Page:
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Figure 1: BCL9-2 is highly expressed in human ER+ breast cancers and might predict the response to tamoxifen treatment(A) Representative immunostains for BCL9-2 on human breast tissue microarrays. Shown are examples for normal human breast tissues and breast cancers (CA) with (“+”) or without (“-“) positivity for ER or Her2 based on the immunoreactive scores. (B) Immunofluorescence stains and merged pictures for BCL9-2, ER and SMA. Shown are serial sections from a human breast tissue microarray with an example of normal human breast tissue and an ER+ breast cancer. The scale bar represents 50 μM. (C, D) Box plot analysis of the BCL9-2 immunoreactive score in normal human breast tissues (N; n=30) and breast cancer samples (CA; n=194). BCL9-2 scores were further plotted for the pathological grade (B; G1-G3: n= 16; 116; 38; respectively) and for ER/PR or Her2 positivity (C; triple negative: n=48; Her2+: n=64; ER/PR+: n=26; ER/PR and Her2+: n=53). P-values are indicated in the graphs with n.s. = not significant; *P<.05; ** P<.005; *** P<.001 (Mann-Whitney test). (E) Kaplan-Meier analysis for the relapse free survival of tamoxifen treated patients with ER+ breast cancers. BCL9-2 expression data were derived from microarray analyses [GSE 6532, 28]. High (n=129) or low (n= 134) BCL9-2 was relative to the median expression of all samples. Significance was calculated using the Cox Proportional Hazard Model.
Mentions: Since BCL9 proteins are implicated in cancer development and progression, we analyzed their expression and role in normal and malignant breast tissues. First, we characterized BCL9 proteins in human tissue samples and during different stages of postnatal mammary gland development in the mouse (Fig. 1 and 2, Suppl. Fig. 1). For immunostains we used our specific antibodies against BCL9 and BCL9-2 [15] and re-confirmed their specificity on mammary tissues by peptide competition (Suppl. Fig. 1D-F).

Bottom Line: BCL9-2 overexpression in vivo delayed the mammary involution and induced alveolar hyperplasia.We found, that primary cell cultures of BCL9-2 breast tumors responded to tamoxifen treatment.Finally, we describe a novel mechanism, how BCL9-2 regulates ER transcription by interaction with Sp1 through the proximal ESR1 gene promoter.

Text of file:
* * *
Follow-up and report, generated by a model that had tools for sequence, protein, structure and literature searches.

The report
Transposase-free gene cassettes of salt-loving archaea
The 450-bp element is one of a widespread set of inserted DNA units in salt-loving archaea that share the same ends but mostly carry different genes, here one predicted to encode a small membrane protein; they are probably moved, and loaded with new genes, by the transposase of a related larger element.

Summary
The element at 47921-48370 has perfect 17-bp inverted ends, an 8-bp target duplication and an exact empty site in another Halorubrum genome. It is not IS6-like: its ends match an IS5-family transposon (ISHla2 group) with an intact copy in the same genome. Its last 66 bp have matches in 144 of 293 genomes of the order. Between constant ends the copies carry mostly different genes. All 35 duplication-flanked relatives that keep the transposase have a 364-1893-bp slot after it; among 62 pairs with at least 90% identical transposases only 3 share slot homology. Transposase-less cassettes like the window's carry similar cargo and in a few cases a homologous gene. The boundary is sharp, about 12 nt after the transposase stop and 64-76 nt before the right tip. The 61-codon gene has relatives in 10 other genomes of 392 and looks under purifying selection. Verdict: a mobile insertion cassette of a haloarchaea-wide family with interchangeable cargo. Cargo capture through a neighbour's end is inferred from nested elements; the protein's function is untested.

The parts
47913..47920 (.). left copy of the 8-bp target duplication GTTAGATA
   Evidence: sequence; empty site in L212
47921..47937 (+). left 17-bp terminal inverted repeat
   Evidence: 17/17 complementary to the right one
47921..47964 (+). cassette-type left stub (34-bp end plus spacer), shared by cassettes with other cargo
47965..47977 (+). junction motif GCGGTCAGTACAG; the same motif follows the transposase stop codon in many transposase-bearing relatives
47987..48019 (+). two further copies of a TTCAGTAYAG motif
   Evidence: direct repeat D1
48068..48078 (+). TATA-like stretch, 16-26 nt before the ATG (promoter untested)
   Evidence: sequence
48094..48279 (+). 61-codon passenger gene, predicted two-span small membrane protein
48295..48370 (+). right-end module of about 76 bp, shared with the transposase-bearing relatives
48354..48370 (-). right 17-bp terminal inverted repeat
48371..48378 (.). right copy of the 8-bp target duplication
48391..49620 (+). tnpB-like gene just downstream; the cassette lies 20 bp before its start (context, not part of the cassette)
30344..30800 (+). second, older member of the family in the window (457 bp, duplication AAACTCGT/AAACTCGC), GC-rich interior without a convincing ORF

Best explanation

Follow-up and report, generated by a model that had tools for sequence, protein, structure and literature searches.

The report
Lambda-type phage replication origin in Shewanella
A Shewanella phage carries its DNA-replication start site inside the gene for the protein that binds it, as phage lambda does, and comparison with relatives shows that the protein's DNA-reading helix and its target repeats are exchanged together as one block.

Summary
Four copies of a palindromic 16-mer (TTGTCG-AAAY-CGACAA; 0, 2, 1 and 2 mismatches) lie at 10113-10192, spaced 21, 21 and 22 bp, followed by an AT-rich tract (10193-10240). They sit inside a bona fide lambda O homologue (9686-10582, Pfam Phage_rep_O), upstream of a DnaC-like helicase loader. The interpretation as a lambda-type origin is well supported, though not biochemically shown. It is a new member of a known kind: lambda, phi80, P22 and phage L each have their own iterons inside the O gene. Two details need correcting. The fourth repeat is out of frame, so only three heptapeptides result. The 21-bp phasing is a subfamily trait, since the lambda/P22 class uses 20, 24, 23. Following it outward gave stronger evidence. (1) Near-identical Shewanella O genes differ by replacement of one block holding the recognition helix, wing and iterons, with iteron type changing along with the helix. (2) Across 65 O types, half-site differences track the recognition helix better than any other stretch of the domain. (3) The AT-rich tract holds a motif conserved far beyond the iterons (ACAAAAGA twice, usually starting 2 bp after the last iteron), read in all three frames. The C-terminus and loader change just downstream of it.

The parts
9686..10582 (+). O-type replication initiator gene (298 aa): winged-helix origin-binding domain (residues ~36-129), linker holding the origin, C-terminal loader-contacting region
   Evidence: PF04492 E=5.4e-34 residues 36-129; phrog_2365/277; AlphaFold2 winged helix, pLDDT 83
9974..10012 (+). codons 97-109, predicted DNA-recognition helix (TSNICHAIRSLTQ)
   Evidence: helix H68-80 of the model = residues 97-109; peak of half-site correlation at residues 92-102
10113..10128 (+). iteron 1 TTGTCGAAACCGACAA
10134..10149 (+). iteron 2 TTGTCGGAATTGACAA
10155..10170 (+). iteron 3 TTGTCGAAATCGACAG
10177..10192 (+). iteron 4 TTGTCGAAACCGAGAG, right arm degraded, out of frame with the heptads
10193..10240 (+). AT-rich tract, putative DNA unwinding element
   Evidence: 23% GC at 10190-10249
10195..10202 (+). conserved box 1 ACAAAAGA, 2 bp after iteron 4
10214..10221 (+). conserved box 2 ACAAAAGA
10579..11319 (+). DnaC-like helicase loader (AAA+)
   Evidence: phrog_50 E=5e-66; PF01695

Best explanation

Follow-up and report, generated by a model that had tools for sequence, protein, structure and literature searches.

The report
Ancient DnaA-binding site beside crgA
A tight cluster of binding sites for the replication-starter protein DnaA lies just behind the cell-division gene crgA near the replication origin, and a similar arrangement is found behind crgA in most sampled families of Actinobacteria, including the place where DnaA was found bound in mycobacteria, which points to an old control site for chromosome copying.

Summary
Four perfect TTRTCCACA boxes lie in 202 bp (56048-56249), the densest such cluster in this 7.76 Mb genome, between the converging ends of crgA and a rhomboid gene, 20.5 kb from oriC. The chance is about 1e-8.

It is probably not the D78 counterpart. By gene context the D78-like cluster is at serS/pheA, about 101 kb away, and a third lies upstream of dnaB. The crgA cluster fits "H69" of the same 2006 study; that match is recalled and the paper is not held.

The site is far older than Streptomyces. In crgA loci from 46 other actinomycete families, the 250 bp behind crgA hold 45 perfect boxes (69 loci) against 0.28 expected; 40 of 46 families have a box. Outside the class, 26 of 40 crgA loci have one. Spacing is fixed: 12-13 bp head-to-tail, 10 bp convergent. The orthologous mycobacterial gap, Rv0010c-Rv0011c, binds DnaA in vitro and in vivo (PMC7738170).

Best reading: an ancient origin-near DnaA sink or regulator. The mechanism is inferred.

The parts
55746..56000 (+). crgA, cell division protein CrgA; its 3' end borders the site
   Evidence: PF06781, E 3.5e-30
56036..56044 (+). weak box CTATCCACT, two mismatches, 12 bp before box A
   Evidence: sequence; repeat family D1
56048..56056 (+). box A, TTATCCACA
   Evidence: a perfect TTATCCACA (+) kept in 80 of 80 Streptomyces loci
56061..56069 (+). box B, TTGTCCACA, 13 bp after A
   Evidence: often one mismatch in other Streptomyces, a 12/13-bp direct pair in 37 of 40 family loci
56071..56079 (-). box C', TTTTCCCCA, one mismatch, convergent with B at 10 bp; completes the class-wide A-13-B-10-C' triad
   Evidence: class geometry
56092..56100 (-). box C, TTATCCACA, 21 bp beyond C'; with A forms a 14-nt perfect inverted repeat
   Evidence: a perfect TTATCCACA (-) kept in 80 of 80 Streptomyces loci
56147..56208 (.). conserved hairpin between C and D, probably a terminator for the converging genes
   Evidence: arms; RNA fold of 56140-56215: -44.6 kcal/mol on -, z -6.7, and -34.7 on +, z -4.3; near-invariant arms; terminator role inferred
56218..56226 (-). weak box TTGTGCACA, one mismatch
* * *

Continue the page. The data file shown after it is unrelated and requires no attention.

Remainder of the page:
View Article: PubMed Central - PubMed

Affiliation: Tumor Biology and Signal Transduction, Georg-August-University Göttingen, Germany. Dept. of Hematology and Medical Oncology, Georg-August-University Göttingen, Germany.

ABSTRACT
The majority of human breast cancers express estrogen receptor alpha (ER), which is important for therapy with anti-estrogens. Here we describe the role of BCL9-2, a proto-oncogene previously characterized as co-activator of Wnt/ß-catenin signaling, for mammary tumorigenesis in mice and human. ER positive human breast cancers showed overexpression of BCL9-2 and tamoxifen treated patients with high BCL9-2 demonstrated a better survival. BCL9-2 was upregulated during puberty and pregnancy in normal mammary epithelia, but downregulated in the involuted gland. BCL9-2 overexpression in vivo delayed the mammary involution and induced alveolar hyperplasia. Moreover, aged BCL9-2 transgenic mice developed ductal-like mammary tumors with high nuclear ER expression. We found, that primary cell cultures of BCL9-2 breast tumors responded to tamoxifen treatment. Moreover, BCL9-2 regulated the expression of ER and the proliferation of human breast cancer cells independently of ß-catenin. Finally, we describe a novel mechanism, how BCL9-2 regulates ER transcription by interaction with Sp1 through the proximal ESR1 gene promoter. In summary, BCL9-2 induces ER positive breast cancers in vivo, regulates ER expression by a novel ß-catenin independent mechanism in breast cancer cells, and might predict the therapy response to tamoxifen treatment.

Show MeSH
Related in: MedlinePlus